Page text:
Building on Bustill’s work, William Jones carried his mission of mutual assistance back to Philadelphia, to rescue Daniel Dangerfield, but Jones himself had been a community organizer in Harrisburg for at least a full decade before Bustill arrived, having been an important link between African American Underground Railroad agents and their white counterparts. Before Doctor Jones was Junius Morel, who brought political organization and social activism to a young, inexperienced African American community that was struggling to find its voice.

Before Morel were the neighborhood leaders: Judy Richards, Edward Bennett, Ezekiel Carter, and George Chester, all of whom had provided a much-needed sense of community to people who felt like outsiders in the very town that they had helped to build. It seems there had always been a need in Harrisburg for strong community leaders, to combat the ever-present, entropic pull of slavery and racism, to pull the community back together every few years. In 1860, it was Joseph Popel’s turn, even if briefly, to remind his neighbors that they had to work together.

The need for African American unity had been voiced by William Still at an Emancipation Day rally earlier that year. Speaking to a crowd at Kennett Square, Pennsylvania, Still explained that Pennsylvania’s free African American residents had a moral responsibility to advocate strongly for themselves and for their brothers and sisters still in bondage, and especially to “devise some plan by which we can more successfully bring about practical cooperation among ourselves, against every phase of oppression.” Pennsylvania’s blacks, he argued, “number a larger free proscribed population than any other Northern State.” Furthermore, this large free population was under the stress of being bordered by three slaveholding states, which regularly sent slaveholders, under the guise of the Fugitive Slave Law, to commit “continual outrages.”

Because of this proximity to slavery, Still noted, “our movements and actions are daily watched by all classes…Hence, in assuming an earnest, resolute and practical ground in favor of freedom, we could not fail to strike most effective blows against oppression.” Pennsylvania’s African Americans, Still reasoned, could, and must set the example, following the lead of, and in homage to, fugitive slaves who risked their lives to take their freedom. Those who arrived regularly on the Underground Railroad had not waited for their masters to set them free, and if the free African American citizens of Philadelphia, Pittsburgh, Lancaster, and Harrisburg were to obtain real and lasting change, they could not afford to sit idly on the sidelines and wait for white lawmakers to act. With “wise and determined effort,” Still concluded, “we can do for ourselves what nobody else can do for us.”90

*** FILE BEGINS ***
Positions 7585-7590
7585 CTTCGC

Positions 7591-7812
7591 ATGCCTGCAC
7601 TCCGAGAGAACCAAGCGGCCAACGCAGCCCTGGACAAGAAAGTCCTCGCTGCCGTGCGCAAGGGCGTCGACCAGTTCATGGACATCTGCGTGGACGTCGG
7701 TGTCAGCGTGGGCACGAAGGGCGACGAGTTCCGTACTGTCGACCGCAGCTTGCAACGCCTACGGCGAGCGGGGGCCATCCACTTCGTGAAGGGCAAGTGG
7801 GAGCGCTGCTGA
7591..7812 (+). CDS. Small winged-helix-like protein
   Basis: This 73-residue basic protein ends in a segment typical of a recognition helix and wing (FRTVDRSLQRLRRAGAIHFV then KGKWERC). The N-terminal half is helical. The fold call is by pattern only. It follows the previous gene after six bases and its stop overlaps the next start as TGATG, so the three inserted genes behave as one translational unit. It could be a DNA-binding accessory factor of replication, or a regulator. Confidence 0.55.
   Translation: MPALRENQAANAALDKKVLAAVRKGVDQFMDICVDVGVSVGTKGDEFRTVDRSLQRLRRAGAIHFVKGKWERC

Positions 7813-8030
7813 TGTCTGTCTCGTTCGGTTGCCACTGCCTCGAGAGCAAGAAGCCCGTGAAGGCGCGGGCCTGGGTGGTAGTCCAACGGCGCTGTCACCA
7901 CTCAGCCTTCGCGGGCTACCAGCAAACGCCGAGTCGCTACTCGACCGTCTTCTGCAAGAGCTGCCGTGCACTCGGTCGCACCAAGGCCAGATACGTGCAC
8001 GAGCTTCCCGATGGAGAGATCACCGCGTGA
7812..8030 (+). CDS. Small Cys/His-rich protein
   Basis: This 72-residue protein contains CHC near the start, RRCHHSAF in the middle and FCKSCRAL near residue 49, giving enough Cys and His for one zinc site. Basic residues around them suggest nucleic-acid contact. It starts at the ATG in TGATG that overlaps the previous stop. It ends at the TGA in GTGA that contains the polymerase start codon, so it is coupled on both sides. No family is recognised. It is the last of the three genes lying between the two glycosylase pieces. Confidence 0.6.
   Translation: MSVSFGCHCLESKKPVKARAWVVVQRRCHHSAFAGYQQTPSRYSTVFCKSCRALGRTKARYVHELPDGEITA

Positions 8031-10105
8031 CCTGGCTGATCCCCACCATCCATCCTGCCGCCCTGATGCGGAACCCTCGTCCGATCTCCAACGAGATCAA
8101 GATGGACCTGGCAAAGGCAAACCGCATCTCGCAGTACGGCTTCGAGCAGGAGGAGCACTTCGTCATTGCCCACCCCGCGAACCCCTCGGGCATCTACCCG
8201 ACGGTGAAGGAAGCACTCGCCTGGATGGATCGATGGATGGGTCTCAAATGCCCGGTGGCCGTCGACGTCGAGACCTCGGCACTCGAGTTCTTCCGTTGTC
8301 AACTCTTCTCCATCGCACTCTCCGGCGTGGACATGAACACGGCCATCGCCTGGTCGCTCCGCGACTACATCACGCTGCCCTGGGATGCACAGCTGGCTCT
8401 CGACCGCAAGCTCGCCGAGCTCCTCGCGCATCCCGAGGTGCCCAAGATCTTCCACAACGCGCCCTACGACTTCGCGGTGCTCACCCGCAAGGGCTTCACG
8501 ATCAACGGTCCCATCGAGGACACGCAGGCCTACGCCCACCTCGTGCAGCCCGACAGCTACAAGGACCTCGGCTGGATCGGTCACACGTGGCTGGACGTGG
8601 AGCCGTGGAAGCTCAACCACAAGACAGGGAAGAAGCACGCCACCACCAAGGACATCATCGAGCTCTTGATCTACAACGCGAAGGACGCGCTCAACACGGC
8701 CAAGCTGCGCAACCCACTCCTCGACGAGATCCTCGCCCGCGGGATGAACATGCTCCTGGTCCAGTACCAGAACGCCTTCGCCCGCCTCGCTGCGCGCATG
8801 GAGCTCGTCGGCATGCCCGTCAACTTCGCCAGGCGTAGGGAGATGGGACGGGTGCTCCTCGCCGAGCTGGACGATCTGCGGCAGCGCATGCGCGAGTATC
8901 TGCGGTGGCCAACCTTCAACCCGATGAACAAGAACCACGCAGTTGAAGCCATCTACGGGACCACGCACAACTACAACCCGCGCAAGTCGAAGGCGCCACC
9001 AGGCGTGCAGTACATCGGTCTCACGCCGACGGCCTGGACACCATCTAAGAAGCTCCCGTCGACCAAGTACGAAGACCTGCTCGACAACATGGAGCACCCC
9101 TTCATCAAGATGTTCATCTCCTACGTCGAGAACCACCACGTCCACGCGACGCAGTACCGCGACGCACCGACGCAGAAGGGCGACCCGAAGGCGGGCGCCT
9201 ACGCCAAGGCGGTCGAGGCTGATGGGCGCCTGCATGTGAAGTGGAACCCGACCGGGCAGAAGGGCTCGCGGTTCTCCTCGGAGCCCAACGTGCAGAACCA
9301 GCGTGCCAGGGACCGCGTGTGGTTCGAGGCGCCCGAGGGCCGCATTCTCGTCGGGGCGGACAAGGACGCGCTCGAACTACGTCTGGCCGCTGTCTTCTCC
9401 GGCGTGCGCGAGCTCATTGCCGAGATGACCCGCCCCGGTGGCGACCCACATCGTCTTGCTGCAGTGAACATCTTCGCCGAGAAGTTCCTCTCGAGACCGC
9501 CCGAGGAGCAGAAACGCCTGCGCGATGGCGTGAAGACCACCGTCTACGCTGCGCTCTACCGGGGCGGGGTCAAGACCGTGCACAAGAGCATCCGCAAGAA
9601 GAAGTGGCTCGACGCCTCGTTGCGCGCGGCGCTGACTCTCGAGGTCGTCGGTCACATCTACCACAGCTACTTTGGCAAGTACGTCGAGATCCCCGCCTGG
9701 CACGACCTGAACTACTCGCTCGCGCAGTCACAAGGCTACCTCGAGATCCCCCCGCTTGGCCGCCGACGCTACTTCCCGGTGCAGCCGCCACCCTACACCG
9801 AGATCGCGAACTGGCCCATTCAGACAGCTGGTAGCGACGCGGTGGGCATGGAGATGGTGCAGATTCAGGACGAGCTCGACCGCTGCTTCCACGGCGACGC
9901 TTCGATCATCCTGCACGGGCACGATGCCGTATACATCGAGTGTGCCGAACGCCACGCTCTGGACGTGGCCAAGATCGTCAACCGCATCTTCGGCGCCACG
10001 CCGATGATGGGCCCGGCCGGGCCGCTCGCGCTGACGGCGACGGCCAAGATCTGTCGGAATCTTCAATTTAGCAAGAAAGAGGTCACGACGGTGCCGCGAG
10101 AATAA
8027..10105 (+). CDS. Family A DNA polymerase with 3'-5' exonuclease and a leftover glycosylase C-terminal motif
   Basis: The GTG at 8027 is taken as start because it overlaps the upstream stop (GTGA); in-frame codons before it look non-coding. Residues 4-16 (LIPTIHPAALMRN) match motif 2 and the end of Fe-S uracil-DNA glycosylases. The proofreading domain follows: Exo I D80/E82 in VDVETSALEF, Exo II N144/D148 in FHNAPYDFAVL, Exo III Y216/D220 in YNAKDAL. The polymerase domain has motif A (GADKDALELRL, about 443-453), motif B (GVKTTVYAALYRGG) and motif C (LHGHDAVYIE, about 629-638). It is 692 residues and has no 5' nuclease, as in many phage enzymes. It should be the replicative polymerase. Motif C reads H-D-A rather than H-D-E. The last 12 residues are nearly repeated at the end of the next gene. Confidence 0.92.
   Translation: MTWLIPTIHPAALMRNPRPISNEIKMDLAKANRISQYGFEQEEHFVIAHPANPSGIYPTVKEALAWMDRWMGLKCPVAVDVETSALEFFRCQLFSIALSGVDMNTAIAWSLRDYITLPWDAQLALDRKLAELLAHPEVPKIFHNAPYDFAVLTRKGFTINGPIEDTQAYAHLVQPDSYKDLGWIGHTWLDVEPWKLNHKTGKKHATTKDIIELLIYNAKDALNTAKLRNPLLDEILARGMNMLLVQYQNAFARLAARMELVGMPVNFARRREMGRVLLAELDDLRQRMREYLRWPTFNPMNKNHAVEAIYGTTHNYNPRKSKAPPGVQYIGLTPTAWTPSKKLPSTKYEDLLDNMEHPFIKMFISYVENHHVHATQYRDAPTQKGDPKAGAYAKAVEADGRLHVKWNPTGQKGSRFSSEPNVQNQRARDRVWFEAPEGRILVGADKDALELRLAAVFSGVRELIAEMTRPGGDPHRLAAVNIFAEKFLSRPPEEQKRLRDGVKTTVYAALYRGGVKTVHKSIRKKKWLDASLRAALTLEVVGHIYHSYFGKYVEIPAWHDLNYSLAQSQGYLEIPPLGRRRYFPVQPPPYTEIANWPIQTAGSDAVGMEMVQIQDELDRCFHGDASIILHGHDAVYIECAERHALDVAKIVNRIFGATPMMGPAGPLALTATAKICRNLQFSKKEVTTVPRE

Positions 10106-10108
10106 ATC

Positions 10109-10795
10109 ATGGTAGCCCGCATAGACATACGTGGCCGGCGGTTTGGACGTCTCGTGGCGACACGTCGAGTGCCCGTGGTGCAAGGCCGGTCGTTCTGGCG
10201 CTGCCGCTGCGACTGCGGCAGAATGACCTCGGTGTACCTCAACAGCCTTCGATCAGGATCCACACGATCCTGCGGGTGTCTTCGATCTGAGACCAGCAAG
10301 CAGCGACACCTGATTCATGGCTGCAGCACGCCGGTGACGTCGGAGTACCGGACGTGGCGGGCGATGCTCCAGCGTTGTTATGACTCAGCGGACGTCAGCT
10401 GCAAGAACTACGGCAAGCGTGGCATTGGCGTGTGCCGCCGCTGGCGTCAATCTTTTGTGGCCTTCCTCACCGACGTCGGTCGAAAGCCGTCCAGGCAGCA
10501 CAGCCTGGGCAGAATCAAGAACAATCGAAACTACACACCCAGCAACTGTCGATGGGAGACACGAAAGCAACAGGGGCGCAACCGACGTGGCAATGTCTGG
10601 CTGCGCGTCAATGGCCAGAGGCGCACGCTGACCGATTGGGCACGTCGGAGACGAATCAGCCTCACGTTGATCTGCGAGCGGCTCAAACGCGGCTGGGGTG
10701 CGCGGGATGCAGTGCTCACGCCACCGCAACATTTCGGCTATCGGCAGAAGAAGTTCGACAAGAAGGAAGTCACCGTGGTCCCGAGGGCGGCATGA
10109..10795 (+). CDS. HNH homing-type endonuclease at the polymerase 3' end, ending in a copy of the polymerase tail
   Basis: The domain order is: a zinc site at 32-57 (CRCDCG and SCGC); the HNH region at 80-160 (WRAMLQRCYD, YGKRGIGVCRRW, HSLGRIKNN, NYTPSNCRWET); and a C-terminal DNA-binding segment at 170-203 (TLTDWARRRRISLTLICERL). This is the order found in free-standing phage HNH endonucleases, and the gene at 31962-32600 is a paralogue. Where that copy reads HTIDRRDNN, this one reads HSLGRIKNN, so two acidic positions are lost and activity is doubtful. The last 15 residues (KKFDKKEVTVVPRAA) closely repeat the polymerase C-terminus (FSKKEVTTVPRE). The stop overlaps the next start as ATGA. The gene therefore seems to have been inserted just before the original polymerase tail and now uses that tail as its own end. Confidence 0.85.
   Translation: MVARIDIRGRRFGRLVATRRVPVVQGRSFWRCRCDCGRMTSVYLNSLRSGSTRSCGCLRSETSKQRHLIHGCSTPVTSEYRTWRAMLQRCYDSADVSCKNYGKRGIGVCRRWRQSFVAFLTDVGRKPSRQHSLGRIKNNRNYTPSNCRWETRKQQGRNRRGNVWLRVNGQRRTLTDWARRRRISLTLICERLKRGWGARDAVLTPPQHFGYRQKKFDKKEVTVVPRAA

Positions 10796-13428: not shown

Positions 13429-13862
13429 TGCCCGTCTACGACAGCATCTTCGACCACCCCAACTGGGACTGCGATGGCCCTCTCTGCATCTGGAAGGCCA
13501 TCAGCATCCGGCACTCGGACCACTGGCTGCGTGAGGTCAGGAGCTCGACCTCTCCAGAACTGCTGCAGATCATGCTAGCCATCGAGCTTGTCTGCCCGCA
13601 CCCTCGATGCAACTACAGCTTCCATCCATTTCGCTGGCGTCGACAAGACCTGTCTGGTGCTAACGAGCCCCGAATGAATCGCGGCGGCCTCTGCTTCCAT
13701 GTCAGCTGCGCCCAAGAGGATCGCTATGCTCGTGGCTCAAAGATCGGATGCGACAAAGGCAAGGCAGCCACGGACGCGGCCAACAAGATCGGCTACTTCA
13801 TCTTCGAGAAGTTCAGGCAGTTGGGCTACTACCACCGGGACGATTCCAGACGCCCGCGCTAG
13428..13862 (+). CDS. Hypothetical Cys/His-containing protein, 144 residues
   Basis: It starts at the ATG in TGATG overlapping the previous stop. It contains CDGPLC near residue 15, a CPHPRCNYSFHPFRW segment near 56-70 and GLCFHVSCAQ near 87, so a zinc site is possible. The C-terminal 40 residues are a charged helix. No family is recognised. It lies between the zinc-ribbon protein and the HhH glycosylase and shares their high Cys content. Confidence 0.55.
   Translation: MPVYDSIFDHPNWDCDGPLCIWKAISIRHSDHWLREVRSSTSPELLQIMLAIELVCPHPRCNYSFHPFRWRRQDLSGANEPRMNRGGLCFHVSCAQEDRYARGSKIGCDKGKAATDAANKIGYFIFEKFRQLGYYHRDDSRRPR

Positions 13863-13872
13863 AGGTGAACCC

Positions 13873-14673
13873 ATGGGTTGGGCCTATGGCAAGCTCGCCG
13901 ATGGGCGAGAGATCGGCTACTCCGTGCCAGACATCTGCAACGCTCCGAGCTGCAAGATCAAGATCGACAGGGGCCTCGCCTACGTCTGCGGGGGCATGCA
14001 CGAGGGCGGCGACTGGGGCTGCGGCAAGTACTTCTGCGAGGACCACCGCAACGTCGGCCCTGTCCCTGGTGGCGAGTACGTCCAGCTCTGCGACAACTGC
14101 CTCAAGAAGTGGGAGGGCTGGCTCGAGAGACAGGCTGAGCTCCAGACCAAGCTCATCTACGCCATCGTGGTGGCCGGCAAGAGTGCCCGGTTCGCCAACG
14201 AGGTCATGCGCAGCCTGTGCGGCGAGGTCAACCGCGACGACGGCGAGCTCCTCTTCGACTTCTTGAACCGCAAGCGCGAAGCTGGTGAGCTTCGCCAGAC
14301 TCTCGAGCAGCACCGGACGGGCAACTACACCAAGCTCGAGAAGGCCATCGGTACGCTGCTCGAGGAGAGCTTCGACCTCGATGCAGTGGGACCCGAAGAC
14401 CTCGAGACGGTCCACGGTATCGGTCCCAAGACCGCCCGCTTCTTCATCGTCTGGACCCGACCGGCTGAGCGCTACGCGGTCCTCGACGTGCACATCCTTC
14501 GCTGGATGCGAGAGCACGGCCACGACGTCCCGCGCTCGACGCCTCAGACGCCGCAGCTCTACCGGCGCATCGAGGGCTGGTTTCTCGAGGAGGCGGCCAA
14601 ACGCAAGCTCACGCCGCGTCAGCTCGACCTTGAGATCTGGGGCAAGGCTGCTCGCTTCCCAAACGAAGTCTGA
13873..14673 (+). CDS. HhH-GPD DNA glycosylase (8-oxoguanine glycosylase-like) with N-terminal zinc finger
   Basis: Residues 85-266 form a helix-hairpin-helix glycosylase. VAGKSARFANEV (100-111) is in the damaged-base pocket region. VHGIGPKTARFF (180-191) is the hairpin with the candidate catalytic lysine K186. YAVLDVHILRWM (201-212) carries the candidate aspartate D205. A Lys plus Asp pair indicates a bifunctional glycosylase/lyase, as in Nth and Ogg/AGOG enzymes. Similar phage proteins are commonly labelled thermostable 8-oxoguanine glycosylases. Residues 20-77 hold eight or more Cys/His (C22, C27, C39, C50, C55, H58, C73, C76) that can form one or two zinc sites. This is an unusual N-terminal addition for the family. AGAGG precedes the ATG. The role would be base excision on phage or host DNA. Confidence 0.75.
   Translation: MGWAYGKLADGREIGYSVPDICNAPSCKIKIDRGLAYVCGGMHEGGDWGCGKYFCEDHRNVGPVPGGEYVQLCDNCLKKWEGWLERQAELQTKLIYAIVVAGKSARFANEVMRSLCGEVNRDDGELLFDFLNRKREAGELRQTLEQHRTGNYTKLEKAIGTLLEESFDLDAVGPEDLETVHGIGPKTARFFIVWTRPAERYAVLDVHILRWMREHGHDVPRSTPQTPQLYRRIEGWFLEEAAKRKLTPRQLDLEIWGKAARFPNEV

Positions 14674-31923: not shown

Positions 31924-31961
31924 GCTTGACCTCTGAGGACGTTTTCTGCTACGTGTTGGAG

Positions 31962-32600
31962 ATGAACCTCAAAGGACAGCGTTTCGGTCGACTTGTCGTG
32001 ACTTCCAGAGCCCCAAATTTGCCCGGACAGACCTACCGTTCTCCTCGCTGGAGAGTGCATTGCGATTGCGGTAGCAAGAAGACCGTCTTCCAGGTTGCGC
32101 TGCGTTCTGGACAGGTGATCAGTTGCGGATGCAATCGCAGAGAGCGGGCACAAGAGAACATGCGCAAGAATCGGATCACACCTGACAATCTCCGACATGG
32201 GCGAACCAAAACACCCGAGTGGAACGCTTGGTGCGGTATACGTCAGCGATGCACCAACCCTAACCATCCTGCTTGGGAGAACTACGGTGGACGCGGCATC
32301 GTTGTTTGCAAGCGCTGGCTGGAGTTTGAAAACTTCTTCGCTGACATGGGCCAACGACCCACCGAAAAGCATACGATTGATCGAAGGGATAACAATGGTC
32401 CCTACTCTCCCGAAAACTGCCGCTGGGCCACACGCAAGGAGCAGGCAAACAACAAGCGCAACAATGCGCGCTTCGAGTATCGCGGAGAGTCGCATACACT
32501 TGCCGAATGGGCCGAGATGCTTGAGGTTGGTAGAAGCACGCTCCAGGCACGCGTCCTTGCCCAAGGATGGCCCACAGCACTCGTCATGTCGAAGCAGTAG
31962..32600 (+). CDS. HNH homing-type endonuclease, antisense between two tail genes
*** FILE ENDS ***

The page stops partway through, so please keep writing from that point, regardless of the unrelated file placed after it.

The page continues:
The sentiment fit well with the speech delivered by Jacob C. White, Jr. the year before, which had been cheered by the uniformed and armed Henry Highland Garnet Guards, and although the Garnet Guards were no longer marching in parades in 1860, having been muscled out by the torch-bearing Wide Awakes, the martial spirit and the dedication to the cause was still there.

White had called upon African American memory as he listed the many conflicts in which blacks had fought for this country, and William Still reinforced White’s summons a year later in his Kennett Square speech by asserting, “We have a history.” He wanted only to know, “with regard to the momentous question of our liberty,” what his fellow African American citizens were going to do about it. Joseph Popel, who was probably aware of Still’s speech through the resources of Joseph Bustill, responded to Still in a way that he hoped was equally unambiguous and inspiring to his neighbors. His patience in the face of continued hunger, kidnapping, and ignorance was at an end. Joseph Popel’s impatience with apathy and his affirmation of self-reliance was brilliantly conveyed with a blazing multitude of candles in the windows of his house on this rally night.

 

Previous | Next

 

Notes

88. Ibid., 29 November 1860; Pennsylvania Daily Telegraph, 28 November 1860.

89. Patriot and Union, 27 November 1860.

90. National Anti-Slavery Standard, 18 August 1860.

 

Caution: Copyrighted material. Published September 2010.

© 2010 George F. Nagle

 

 

This is the first in a series of books from the Afrolumens Project. Drawing on a large number of sources, and making good use of the treasure trove of information on the pages of the Afrolumens Project, this is the first truly comprehensive history of Harrisburg's African American community.

Pick up your copies at the Mid-Town Scholar Bookstore, Civil War and More Books, the National Civil War Museum,
or at the 2010 Harrisburg History Center.

Both volumes also available on Amazon.

About the AP | Contact AP | Mission Statement | Archives